Chile announces wide probe into Catholic Church sex abuse

  Pope Francis and 34 Chilean bishops are pictured meeting at the Vatican May 15 to discuss the clerical sexual abuse crisis in Chile. As the pope meets more survivors, Chilean church officials struggle with new abuse allegations. (CNS photo/Vatican Media) 

SANTIAGO, Chile (AP) — Chile has investigated 158 members of the country's Roman Catholic Church for committing or covering up sexual abuse against minors and adults, the national prosecutor's office said Monday.

The investigations include reports of abuse by bishops, clerics and lay workers filed since 2000. Some of the cases date as far back as 1960.

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In all, the number of victims is 266. That includes 178 children and teenagers, and 31 adults. The age of victims was not established in 57 other cases.

The nationwide figures follow an avalanche of sex abuse and cover-up cases that have recently embattled Chile's Catholic Church and prompted Pope Francis earlier this year to publicly denounce a "culture of abuse and cover-up."

The pope also said he was ashamed that neither he nor Chilean church leaders truly ever listened to victims as the country's abuse scandal spiraled.

"The temptation would be to focus on those investigated within the Church, but today we must first focus on the number of victims, which is what worries us," the Chilean church's Episcopal Conference said in a statement after the report was released.

[Explore America's in-depth coverage of Sexual Abuse and the Catholic Church.]

In the past, prosecutors in Chile have had to drop charges against members of the clergy accused of sex abuse because the statute of limitations had expired.

But the national prosecutor's office said it wants to "rigorously investigate all sex abuse case cases committed by priests or people related to the Church" against children and adults, "regardless of whether the crimes have prescribed or not, because the victims have a right to be heard by the justice system."

The report said that out of the 158 people investigated in 144 separate investigations, 65 are bishops, priests or deacons who belong to a congregation; 74 do not belong to any congregation; 10 are lay persons in charge of pastoral parishes or linked to schools; and nine were undetermined.

Authorities said 36 of the 144 cases are currently being investigated, and 22 have been sent to another judicial office because the alleged crimes were committed before a judicial reform in 2000. Another 22 cases have resulted in convictions, while 64 cases have been either closed or temporarily suspended for various reasons.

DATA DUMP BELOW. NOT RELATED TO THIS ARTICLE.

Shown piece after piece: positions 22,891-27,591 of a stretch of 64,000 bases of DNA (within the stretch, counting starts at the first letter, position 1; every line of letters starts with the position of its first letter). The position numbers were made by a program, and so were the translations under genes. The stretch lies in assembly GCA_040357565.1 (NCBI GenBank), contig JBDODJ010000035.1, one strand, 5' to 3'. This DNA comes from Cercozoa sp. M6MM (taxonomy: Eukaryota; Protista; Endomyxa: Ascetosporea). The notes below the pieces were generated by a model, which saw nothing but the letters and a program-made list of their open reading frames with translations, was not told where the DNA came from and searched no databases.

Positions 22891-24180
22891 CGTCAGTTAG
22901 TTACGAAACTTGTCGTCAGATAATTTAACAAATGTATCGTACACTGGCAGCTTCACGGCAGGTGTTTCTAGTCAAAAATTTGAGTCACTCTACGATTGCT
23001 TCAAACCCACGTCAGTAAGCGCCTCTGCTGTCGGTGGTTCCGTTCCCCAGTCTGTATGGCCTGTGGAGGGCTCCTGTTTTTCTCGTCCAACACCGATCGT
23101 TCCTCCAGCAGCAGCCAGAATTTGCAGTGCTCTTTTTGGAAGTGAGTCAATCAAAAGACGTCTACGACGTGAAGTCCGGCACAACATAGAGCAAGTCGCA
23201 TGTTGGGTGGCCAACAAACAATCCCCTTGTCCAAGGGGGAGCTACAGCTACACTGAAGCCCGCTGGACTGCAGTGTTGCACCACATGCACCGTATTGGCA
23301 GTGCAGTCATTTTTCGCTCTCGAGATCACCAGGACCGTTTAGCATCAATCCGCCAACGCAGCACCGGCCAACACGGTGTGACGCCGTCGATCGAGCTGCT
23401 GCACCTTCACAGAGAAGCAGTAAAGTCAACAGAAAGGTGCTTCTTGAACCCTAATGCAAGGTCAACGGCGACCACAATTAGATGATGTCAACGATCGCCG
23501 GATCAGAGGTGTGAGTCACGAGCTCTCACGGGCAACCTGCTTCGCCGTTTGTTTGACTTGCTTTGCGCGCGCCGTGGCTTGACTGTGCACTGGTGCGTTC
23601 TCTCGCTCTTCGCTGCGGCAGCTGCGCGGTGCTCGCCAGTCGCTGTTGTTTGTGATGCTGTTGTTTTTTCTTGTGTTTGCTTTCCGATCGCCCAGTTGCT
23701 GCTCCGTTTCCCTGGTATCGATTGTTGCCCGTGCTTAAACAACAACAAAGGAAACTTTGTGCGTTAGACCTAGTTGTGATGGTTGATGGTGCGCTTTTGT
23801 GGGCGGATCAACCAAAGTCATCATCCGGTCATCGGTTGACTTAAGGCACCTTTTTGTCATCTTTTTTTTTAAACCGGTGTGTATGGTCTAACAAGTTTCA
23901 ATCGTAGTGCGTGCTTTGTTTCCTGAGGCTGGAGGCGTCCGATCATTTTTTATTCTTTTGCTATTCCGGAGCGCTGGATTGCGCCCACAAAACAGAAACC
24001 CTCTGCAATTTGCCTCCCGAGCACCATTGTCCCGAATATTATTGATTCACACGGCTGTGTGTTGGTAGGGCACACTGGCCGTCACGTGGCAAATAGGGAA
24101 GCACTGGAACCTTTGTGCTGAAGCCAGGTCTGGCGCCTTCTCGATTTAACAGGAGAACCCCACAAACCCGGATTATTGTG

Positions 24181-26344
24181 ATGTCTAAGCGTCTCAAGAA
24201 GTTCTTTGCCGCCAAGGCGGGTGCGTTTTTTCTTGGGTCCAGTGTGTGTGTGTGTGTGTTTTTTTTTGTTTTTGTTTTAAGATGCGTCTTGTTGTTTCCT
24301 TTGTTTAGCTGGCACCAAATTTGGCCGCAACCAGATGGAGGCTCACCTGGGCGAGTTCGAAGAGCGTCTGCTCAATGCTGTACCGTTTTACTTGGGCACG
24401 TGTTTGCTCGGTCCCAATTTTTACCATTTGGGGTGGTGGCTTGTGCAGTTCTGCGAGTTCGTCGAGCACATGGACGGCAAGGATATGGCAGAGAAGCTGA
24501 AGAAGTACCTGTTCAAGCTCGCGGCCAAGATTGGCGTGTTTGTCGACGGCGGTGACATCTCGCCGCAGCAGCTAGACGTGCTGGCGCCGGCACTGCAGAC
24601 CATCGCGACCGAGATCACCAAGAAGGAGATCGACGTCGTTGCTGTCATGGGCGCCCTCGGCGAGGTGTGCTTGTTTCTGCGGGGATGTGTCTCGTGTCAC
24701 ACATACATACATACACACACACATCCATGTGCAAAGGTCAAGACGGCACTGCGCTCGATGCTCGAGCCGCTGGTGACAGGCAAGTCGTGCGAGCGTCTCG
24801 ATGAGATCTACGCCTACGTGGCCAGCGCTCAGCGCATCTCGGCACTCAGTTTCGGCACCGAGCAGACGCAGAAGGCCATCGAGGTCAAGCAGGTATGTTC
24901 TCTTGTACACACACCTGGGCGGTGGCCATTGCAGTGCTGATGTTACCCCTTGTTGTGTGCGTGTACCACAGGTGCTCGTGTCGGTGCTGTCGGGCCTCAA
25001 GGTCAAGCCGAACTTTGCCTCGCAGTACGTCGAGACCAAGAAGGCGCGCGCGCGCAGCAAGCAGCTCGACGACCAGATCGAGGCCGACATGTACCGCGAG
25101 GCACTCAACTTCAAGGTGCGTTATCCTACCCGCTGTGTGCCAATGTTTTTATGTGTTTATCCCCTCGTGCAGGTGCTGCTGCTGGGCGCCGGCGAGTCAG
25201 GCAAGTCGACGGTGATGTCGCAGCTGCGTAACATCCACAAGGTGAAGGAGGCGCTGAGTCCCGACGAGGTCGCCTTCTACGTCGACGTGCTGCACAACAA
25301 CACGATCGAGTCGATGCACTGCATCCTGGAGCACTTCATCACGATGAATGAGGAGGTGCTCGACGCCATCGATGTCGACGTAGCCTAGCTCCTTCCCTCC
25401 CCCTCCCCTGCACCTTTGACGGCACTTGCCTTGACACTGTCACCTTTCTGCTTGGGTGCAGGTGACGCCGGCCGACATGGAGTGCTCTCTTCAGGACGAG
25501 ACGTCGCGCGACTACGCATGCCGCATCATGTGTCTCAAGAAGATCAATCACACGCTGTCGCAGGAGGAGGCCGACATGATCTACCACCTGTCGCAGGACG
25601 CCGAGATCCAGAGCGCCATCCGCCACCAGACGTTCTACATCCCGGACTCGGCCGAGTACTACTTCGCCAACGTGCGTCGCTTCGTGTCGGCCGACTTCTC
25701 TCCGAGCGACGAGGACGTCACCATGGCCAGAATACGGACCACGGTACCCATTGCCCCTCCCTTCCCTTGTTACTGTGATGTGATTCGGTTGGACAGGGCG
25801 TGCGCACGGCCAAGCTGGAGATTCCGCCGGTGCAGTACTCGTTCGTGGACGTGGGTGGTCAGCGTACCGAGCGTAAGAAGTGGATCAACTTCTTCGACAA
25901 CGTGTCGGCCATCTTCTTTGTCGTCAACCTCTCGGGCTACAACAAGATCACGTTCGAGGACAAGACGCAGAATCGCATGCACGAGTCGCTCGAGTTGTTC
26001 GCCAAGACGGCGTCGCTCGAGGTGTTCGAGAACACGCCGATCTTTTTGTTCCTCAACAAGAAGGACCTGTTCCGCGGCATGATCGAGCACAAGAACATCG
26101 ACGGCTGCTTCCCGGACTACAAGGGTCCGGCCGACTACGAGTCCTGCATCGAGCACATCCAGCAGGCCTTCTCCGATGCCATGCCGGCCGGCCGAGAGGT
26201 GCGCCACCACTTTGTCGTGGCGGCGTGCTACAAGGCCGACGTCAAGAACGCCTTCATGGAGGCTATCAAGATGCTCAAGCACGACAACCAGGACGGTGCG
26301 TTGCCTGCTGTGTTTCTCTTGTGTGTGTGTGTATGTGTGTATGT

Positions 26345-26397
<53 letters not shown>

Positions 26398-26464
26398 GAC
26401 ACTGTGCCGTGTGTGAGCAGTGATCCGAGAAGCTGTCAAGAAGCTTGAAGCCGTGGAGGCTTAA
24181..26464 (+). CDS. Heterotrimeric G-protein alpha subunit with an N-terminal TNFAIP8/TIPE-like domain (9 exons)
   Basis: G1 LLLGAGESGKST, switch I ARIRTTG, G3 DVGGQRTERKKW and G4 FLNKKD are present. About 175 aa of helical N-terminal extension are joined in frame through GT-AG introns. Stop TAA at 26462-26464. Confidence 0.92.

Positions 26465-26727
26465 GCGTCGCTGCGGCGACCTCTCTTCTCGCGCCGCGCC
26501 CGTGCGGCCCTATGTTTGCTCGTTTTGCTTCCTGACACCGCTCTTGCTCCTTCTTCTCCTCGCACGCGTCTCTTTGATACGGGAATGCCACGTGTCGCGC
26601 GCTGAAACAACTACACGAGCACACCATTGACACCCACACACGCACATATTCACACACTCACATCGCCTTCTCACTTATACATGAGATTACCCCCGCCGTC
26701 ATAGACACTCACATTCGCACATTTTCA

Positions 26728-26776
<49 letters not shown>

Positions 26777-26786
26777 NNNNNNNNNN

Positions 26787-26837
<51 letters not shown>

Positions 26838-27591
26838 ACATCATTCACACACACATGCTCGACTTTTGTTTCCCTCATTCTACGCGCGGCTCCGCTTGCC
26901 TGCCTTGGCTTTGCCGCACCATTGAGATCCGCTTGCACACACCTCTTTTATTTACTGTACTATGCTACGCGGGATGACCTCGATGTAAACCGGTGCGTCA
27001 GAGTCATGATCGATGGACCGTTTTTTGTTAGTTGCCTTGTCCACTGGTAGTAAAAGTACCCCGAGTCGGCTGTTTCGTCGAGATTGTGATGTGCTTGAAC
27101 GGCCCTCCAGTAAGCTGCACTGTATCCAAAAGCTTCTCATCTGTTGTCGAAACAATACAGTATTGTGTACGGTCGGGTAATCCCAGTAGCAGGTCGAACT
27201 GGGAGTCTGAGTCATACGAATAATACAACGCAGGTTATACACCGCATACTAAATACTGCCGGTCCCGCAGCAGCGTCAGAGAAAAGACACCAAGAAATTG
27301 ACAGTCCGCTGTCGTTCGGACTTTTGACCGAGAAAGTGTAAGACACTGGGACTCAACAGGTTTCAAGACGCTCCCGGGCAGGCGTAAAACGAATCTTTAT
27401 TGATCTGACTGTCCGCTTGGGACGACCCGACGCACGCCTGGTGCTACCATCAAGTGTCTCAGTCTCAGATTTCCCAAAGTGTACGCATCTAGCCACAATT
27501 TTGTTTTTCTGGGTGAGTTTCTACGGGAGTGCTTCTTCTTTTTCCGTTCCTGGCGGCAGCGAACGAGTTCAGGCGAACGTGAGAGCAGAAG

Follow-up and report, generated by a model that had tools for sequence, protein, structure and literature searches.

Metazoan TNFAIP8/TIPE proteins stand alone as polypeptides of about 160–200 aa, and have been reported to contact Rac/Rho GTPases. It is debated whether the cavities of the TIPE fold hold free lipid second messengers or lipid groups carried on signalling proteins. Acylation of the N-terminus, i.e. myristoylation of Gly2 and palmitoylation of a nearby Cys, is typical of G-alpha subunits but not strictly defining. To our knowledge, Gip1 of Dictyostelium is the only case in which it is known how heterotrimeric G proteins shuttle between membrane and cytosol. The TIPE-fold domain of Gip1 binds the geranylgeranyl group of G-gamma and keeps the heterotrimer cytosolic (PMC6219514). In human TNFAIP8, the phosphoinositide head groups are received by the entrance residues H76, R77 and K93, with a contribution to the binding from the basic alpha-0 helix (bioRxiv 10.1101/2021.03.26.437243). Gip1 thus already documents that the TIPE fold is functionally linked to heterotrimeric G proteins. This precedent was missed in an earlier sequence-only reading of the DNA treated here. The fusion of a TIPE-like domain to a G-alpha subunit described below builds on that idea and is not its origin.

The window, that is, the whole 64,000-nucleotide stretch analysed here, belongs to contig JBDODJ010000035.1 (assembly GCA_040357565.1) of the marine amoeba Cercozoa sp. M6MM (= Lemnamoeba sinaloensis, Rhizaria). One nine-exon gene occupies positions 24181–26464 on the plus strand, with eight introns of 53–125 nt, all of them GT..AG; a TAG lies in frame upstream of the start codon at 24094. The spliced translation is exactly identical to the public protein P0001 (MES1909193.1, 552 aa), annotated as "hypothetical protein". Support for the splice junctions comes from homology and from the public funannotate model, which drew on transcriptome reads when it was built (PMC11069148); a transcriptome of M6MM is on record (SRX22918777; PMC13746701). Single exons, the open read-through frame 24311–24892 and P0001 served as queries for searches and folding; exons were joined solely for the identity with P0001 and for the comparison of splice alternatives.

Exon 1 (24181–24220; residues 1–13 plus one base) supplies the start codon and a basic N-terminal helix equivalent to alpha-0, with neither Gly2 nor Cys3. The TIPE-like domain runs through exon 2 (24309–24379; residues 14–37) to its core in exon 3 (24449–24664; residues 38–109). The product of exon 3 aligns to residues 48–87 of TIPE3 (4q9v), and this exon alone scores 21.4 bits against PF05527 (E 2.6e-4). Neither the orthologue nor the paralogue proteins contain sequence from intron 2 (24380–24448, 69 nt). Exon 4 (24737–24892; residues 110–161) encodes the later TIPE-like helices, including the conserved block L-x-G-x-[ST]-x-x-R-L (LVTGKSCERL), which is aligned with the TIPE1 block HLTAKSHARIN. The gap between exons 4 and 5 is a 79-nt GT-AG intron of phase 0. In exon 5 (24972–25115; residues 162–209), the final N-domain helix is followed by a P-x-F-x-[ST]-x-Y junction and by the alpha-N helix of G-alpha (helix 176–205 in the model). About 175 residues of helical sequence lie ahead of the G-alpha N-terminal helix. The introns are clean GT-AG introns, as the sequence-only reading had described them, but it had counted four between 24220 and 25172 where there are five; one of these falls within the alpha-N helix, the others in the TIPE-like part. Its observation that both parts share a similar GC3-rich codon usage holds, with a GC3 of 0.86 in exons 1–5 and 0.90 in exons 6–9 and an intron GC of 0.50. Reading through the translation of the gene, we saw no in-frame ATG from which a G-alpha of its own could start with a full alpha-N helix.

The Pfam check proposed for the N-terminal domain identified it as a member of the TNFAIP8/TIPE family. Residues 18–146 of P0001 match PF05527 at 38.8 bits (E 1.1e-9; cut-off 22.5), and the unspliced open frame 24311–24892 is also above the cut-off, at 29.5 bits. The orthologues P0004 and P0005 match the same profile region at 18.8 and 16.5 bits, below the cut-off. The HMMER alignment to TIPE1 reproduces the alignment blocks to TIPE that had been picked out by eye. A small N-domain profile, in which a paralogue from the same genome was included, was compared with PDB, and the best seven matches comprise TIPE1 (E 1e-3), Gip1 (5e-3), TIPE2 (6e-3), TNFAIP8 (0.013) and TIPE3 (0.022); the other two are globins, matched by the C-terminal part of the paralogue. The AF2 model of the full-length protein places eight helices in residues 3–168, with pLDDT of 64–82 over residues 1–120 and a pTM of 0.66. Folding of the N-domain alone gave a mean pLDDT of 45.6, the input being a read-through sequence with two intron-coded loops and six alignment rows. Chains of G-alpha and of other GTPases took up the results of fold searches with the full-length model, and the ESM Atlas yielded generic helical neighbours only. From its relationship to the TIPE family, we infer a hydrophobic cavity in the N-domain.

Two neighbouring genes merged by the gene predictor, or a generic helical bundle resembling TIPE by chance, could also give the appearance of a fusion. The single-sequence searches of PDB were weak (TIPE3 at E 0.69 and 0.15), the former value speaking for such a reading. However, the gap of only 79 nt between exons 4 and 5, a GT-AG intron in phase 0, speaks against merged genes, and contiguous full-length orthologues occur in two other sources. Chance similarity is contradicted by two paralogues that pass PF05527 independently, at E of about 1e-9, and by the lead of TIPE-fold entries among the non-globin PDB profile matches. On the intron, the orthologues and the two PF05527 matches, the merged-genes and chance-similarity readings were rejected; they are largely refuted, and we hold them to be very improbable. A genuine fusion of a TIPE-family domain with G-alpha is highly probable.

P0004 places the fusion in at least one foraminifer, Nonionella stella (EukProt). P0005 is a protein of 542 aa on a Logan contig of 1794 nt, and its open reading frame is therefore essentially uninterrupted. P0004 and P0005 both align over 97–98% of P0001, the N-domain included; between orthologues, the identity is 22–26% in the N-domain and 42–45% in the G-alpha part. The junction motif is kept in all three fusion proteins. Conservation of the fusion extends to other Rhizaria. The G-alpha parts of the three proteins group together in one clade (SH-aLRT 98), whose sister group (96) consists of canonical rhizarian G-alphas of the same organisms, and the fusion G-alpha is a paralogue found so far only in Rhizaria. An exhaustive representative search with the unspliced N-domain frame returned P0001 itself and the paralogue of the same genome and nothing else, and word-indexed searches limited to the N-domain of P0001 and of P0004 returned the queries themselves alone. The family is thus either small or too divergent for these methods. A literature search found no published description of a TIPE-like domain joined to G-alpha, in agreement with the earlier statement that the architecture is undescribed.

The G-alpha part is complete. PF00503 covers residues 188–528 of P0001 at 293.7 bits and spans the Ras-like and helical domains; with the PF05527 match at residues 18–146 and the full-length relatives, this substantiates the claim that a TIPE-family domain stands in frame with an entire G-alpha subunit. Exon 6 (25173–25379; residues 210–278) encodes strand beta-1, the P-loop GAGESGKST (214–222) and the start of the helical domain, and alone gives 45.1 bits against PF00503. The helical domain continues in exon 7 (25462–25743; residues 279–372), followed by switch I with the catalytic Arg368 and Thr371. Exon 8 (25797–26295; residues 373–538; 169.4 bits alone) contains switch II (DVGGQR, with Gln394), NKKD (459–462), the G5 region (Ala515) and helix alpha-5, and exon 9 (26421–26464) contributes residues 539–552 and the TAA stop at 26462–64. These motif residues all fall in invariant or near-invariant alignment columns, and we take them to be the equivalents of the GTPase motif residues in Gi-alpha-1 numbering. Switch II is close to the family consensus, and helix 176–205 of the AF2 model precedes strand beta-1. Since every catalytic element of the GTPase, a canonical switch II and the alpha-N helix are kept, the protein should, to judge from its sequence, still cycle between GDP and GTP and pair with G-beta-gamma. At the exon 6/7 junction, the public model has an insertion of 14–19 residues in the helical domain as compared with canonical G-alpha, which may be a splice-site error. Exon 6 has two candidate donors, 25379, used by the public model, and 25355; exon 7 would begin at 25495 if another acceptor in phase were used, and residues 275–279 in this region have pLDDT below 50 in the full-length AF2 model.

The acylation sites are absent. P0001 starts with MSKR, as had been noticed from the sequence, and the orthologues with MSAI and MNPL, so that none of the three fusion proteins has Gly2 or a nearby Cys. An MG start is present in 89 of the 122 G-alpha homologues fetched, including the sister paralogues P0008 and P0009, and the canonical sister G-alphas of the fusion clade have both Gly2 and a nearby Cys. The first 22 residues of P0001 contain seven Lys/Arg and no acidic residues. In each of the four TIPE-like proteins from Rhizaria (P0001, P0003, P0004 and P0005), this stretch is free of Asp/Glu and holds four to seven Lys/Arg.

Prosecutors said the vast majority of the sexual abuse crimes were committed by parish priests connected to an educational establishment. There are at least five cases where the heads of congregations or bishops in charge of a diocese are accused of cover-up or obstruction of an investigation.

In all, the number of victims is 266. That includes 178 children and teenagers, and 31 adults.

"The prosecutor's announcement is the latest sign that the impunity of the Catholic Church is ending in Chile. Increasingly, Chilean bishops and clergy are being treated simply as fellow citizens, subject to secular laws," said Anne Barrett Doyle, co-director of BishopAccountability.org, a U.S.-based group that compiles a database of clergy abuse.

"Today's report will encourage more Chilean victims to file complaints. Each complaint filed will lead to a safer church."

For decades, victims and their advocates have pointed to the hierarchy's culture of cover-up as the Vatican's main failure in dealing with the problem.

But Francis apparently came around to their view after meeting earlier this year with Chilean victims of the Rev. Fernando Karadima, the country's most notorious predator priest, and reading a 2,300-page report prepared for him by Vatican investigators, who also interviewed victims of Karadima and others in Chile.

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arthur mccaffrey
1 year 7 months ago

if a secular, commercial company or corporation in Chile had been doing as much abuse as the Catholic Church, the government would have closed it down long ago. Is there a double standard here, where RCC is not compelled to adhere to the same standards of criminal justice as the rest of us? Chile sounds just like Ireland, where RCC was a monopoly corporation which thought that the laws of men did not apply to it. Time to disband the RCC corporation to protect the citizens. The onus is on the Church to prove why it should still be allowed to do business in Chile. Wonder if they have racketeering laws in Chile that they could invoke to put it out of business?

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